U.S. Fish and Wildlife Service
134 Union Boulevard
Lakewood, Colorado 80228
For Immediate Release
August 29, 2012
Michael D. George, 308-382-6468 ext. 12; email@example.com
Leith Edgar, 303-236-4488; firstname.lastname@example.org
Platte River Caddisfly Not Warranted for Endangered Species Protection
The U.S. Fish and Wildlife Service announced today that the Platte River caddisfly, a small, moth-like insect found in backwaters along rivers in Nebraska, is not warranted for protection under the Endangered Species Act (ESA).
We have completed a comprehensive status review — known as a 12-month finding — and determined that there is sufficient scientific and commercial data to demonstrate that the Platte River caddisfly is secure throughout its range. If information becomes available in the future to indicate that the species is in decline and threatened with extinction, we will conduct an assessment on the status of the caddisfly at that time. If we propose the Platte River caddisfly for protection under the ESA in the future, the public will have an opportunity to comment.
The Platte River caddisfly is a species of insect in the order Trichoptera (caddisfly; means “hairy wing”). Caddisflies are a diverse group and can be collected from a variety of habitats, including: streams, lakes, springs, ponds, bogs, fens, seeps, marshes, pools, rivers, and sloughs. Caddisflies are often modeled by fly fishermen for catching trout and are typically known for their case-building behavior during the larval stage. All caddisflies spin silk, and several species use this silk to cement together bits of leaf or stone material to construct a case around the abdomen for camouflage and anti-predatory purposes.
The status review assessed several potential threats to the species, including: the potential present and future threat of habitat modification resulting from large water development projects (dams, irrigation canals, center pivot irrigation), invasive species, climate change, and poor dispersal ability (Platte River caddisfly is a poor flier and cannot readily find new habitat to colonize). Other factors we analyzed in the finding include grazing, road and bridge development, and wetland modification, such as through restoration activities.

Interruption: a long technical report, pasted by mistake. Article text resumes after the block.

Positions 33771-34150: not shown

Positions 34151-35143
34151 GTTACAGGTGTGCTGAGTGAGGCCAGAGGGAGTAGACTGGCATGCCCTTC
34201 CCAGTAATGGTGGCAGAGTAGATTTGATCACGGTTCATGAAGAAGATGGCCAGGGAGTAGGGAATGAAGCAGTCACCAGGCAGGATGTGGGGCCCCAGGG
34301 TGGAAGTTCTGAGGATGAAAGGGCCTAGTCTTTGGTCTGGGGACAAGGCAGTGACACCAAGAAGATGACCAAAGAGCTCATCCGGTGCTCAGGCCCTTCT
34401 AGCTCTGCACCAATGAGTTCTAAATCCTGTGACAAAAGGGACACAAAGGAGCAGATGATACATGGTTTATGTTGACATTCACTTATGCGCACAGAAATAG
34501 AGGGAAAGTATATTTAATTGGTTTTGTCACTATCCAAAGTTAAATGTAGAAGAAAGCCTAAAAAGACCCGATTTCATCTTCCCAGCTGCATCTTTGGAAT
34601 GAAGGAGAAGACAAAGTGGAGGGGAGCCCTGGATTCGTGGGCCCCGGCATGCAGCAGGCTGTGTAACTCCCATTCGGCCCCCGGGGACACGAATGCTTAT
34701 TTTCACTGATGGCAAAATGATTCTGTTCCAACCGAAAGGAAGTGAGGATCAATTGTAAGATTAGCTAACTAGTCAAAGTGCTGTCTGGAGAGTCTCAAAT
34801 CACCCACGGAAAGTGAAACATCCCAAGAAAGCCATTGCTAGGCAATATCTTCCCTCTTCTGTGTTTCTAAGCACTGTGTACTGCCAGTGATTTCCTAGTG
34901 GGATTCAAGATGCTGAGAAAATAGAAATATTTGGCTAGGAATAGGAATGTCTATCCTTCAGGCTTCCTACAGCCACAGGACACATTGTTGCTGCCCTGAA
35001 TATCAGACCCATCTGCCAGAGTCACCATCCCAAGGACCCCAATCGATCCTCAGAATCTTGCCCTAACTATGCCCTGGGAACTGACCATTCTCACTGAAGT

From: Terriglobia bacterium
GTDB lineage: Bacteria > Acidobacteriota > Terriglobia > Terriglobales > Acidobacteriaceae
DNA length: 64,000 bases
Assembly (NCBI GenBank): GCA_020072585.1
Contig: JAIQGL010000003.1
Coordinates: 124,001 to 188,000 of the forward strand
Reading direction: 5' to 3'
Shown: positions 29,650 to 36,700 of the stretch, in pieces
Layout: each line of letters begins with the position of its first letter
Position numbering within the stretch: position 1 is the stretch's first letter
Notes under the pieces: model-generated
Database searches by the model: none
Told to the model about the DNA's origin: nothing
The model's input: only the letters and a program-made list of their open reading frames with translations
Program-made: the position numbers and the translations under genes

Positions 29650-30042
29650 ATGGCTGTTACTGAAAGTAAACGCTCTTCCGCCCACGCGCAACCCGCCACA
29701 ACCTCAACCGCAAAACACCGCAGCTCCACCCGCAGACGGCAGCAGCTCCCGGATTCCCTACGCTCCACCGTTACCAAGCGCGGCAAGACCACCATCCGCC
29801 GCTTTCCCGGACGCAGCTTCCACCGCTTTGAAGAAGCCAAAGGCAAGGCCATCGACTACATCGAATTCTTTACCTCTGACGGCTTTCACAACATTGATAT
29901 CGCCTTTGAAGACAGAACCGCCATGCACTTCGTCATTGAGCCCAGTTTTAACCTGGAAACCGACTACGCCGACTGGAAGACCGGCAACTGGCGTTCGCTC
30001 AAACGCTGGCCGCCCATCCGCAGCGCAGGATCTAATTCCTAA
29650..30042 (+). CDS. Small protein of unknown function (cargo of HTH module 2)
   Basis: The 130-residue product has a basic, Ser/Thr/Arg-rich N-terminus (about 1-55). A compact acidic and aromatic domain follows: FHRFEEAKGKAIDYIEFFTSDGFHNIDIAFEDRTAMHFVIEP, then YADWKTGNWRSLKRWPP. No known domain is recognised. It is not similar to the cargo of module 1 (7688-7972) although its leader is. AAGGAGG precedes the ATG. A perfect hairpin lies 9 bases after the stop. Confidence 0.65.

Although each of these potential threats could adversely affect the caddisfly, the information we have does not indicate that the species is in decline or is likely to decline in the future based on these threats. When the species was discovered in 1997, it was thought to be extremely rare. However, since that time we have conducted over 100 surveys for the species in Nebraska, and our knowledge about its range and distribution has grown tremendously. We have found the species at 35 sites across a large portion of the State of Nebraska, and many of these sites appear to be free from threats. Additionally, the species appears to be a habitat generalist occurring across a large precipitation gradient, which increases its resilience against potential threats such as climate change.
Several programs and regulations are in place in Nebraska to protect the state’s rivers and maintain current water levels, and these policies adequately protect the caddisfly and its habitat from future losses. Approximately 60% of known caddisfly populations occur on lands managed by conservation organizations, and these areas are protected from development activities that could affect wetlands. Through lab and field studies, we have determined that the species is not threatened by land management practices, such as grazing or predation.
Despite our determination that the species does not warrant listing, we will continue to support efforts to conserve the species and its habitat within Nebraska. Several agencies and organizations are actively restoring wetlands throughout Nebraska, particularly along the Platte River, and this work is anticipated to have a positive effect on the species by increasing the amount of available slough habitat. Partner agencies and organizations, such as the Service’s Partners for Fish and Wildlife Program, The Nature Conservancy (TNC), and the Headwaters Corporation, which oversees the Platte River Recovery Implementation Program (PRRIP) have expressed interest in conducting restoration work that would benefit the caddisfly. These groups have also worked with us to avoid impacts to the caddisfly during restoration activities. We also support PRRIP’s goal of maintaining current flow conditions in the central Platte River. This work is being conducted through an environmental account managed by the Service and by offsetting depletions to the river that occurred after 1997. Several groups, including TNC, the Headwaters Corporation, the Crane Trust, Nebraska Public Power District, Central Nebraska Public Power and Irrigation District, the Nebraska Game and Parks Commission, and the Central Nebraska Natural Resources District have been involved with conducting surveys for the caddisfly on their properties or otherwise, and this work is ongoing. This work has been important in contributing to our knowledge of the caddisfly. We will continue to seek opportunities to learn more about the species now and into the future.
For more information about the Platte River caddisfly and this finding, please visit the website from the Service’s Nebraska Field Office at http://www.fws.gov/nebraskaes.
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